Do you ever feel like a dead loved one is near? I realized a distinct intensity to the feeling this Christmastime. It was without explanation, and then in less than 24 hours, I understood why.
I don’t believe in visitations from the dead, nor should we seek them out. On the other hand, I believe loved ones in heaven may occasionally see what is going on down here. They see us.
Obviously, we don’t see them, but we try to keep them alive and present in this world. This is never more evident than at Christmas.
We make their recipes – “like grandma used to make” – we follow traditions in their memory, wear their clothes or their jewelry, linger in spaces they occupied, and tell stories about them.
I am not a hoarder. I am attached to stuff, but I am not a hoarder.
Now before you say “the lady doth protest too much,” I must explain. Before I asked whether I was a hoarder, I asked whether my parents were hoarders. I inherited all their stuff. A lot of stuff.
Charged with cleaning out their home, I didn’t know where to start. I found folders of utility receipts stuffed between a living room chair and table. I discarded a broken microwave that had been standing on end in the floor for years. The bedrooms where my brother and I slept as children had long been the abode of cats. They ruined the carpets and scarred the furniture.
Did you know there are levels of hoarding? I went to a mini-seminar in November 2014. It was conducted by Dr. David Dia, a hoarding specialist with some national prominence. A Memphian, he’s appeared on TLC’s Hoarding: Buried Alive.
Each Christmas is the first Christmas for someone – the first Christmas without mom or dad. Or without a husband or wife or child. Or without a grandparent or uncle or best friend.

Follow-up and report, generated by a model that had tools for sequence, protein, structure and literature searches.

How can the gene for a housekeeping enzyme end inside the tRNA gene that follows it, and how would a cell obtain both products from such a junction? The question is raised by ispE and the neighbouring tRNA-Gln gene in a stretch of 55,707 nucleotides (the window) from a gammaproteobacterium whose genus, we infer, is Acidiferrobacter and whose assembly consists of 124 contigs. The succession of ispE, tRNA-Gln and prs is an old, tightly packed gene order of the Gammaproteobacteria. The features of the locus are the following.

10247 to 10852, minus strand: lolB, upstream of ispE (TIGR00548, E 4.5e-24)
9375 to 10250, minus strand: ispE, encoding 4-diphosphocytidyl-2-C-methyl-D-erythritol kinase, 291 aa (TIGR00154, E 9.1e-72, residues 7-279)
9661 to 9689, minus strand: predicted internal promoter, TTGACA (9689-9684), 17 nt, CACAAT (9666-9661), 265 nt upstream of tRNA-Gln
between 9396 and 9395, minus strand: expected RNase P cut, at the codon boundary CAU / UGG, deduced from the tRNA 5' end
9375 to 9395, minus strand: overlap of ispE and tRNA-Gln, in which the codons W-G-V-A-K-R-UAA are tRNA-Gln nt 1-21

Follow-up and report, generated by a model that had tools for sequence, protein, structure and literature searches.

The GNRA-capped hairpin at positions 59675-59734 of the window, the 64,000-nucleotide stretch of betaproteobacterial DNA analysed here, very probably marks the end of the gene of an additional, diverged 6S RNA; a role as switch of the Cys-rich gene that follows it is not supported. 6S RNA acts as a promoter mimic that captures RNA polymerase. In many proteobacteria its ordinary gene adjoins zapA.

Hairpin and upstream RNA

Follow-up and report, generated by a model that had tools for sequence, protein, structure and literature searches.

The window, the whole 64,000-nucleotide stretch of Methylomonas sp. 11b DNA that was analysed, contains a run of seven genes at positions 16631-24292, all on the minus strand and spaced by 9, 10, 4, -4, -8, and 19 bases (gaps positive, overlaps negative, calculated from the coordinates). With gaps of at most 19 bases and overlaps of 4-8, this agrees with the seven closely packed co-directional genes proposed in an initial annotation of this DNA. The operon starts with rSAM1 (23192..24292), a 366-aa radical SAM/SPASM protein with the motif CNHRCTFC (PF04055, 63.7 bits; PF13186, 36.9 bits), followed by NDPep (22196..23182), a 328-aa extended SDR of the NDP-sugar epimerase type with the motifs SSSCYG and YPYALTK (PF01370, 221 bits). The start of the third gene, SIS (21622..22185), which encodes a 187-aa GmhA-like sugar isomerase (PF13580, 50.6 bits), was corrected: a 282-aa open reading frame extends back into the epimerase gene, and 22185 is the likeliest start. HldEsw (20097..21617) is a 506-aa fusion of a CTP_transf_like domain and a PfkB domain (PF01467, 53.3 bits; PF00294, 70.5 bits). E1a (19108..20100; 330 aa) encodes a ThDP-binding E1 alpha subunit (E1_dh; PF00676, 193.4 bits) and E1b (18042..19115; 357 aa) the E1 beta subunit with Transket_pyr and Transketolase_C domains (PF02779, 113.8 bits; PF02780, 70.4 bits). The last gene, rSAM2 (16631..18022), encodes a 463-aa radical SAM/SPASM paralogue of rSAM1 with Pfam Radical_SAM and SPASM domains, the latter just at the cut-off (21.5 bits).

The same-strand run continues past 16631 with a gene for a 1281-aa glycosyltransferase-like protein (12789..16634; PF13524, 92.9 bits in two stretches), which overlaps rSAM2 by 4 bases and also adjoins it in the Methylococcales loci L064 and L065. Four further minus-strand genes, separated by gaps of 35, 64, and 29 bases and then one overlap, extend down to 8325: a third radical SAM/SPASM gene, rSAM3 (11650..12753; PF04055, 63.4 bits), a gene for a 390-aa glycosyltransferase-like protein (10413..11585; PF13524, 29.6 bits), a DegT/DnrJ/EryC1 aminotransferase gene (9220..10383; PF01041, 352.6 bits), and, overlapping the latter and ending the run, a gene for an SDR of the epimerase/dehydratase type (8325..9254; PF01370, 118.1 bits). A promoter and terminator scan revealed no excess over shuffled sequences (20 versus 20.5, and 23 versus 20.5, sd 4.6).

All the carols, all the joy, all the tinsel. It feels like a dagger to the chest. The loss of who isn’t there is so profound, so consuming. So in the face. Is there any end to this pain?
The contrast is so clear – at Christmas we celebrate God’s gift to us. But we’ve been robbed, for all death is a theft. What will God give to us? What balm does he offer?
Will we ever be happy again? Will Christmas ever be beautiful again?
Sometimes we blame God because, at the very least, He did not prevent the death. We know everyone dies but we want a say-so in how and when, yet we know we do not have a say-so. We know death will come and then we get mad when it does. We know evil lurks in the world to “steal, kill and destroy” and we are surprised when it successfully takes our loved ones. Grief will not be quelled with logic, with factual data about how the world works. We mourn.
I found a parking lot and no trespassing signs on the 8-foot-tall chain link fence. Their home was gone. I clutched the wire, pressed my face against it, and hung there like a forlorn child. A piece of my parents I wanted to touch was out of reach. Actually, nonexistent.
I wasn’t totally surprised the house wasn’t there anymore. The miracle of Google Maps had prepared me. At my home near Memphis earlier, I’d searched for my parents’ old address on Margaret Street in the Atlanta suburb of Hapeville. Google showed me a photo of another address, as if the house I’d asked for no longer existed.
I sensed a need to be in touch with my parents, and so I got out the greeting cards. I possibly have one of the largest collections known to man.